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Cancer of Cervix

WHAT IS CERVICAL CANCER?

A common but treatable and preventable cancer of the cervix (the lower third of the uterus, which opens into the vagina).

AFFECTS

Women of all ages, but most common between ages 30 and 50.

SIGNS & SYMPTOMS

In the early, easily treatable stages:

  • No symptoms.

In later stages:

  • Unexplained vaginal bleeding.
  • Persistent vaginal discharge.
  • Pain and bleeding after intercourse.

In final stages:

  • Abdominal pain.
  • Leaking of faeces and urine through the vagina.
  • Appetite and weight loss.
  • Anemia.

CAUSES

Unknown.

RISK INCREASES WITH

  • Frequent sexual intercourse during the teen years.
  • Multiple sex partners.
  • Multiple pregnancies.
  • Recurrent vaginal infections (bacterial or viral, including genital herpes and genital warts).

HOW TO PREVENT

  • Avoid the risks listed above as much as possible.
  • Begin periodic pelvic examinations at the beginning of regular sexual activity, or latest by age 30.
  • Obtain regular Pap smear. Regular pelvic examinations and the Pap smear are very effective in detecting precancerous changes or cervical cancer in its symptom-free stage. Consult your doctor, about how often to be examined. Many charitable agencies may be offering a Pap smear at little or no cost.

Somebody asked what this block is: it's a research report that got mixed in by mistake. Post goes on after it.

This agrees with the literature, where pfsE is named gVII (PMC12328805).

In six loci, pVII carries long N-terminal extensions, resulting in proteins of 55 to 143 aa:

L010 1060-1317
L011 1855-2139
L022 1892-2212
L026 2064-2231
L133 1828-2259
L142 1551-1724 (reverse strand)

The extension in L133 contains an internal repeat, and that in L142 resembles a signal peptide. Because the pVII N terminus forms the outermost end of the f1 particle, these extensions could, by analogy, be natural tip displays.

DIAGNOSTIC MEASURES

  • Observation of symptoms especially unexplained vaginal bleeding.
  • History and physical exam by a doctor.
  • Laboratory studies, such as a Pap smear and biopsy.
  • Surgical diagnostic procedures, such as Conization of the cervix.

POSSIBLE COMPLICATIONS

If cervical cancer is not treated early, it spreads beyond the uterus to other body parts and is fatal.

PROBABLE OUTCOME

Usually curable if diagnosed before the tumor has spread.

TREATMENT

GENERAL MEASURES

  • Surgery to remove the cancerous area. During early stages, this may only involve a small area of the cervix, which preserves childbearing abilities. More advanced stages may require removal of the reproductive organs and other affected tissue.
  • Chemotherapy and radiation therapy in advanced cases.

MEDICATION

Medicine usually is not necessary for this disorder, if it is diagnosed and treated early. If radical surgery and additional treatment are required, one may be prescribed:

  • Anticancer drugs.
  • Pain relievers.

ACTIVITY

No restrictions.

DIET

No special diet.

CONTACT YOUR DOCTOR IMMEDIATELY, IF

  • You have persistent vaginal bleeding or other symptoms of cervical cancer.
  • You have not had a pelvic examination or Pap smear in at least last 1 year.
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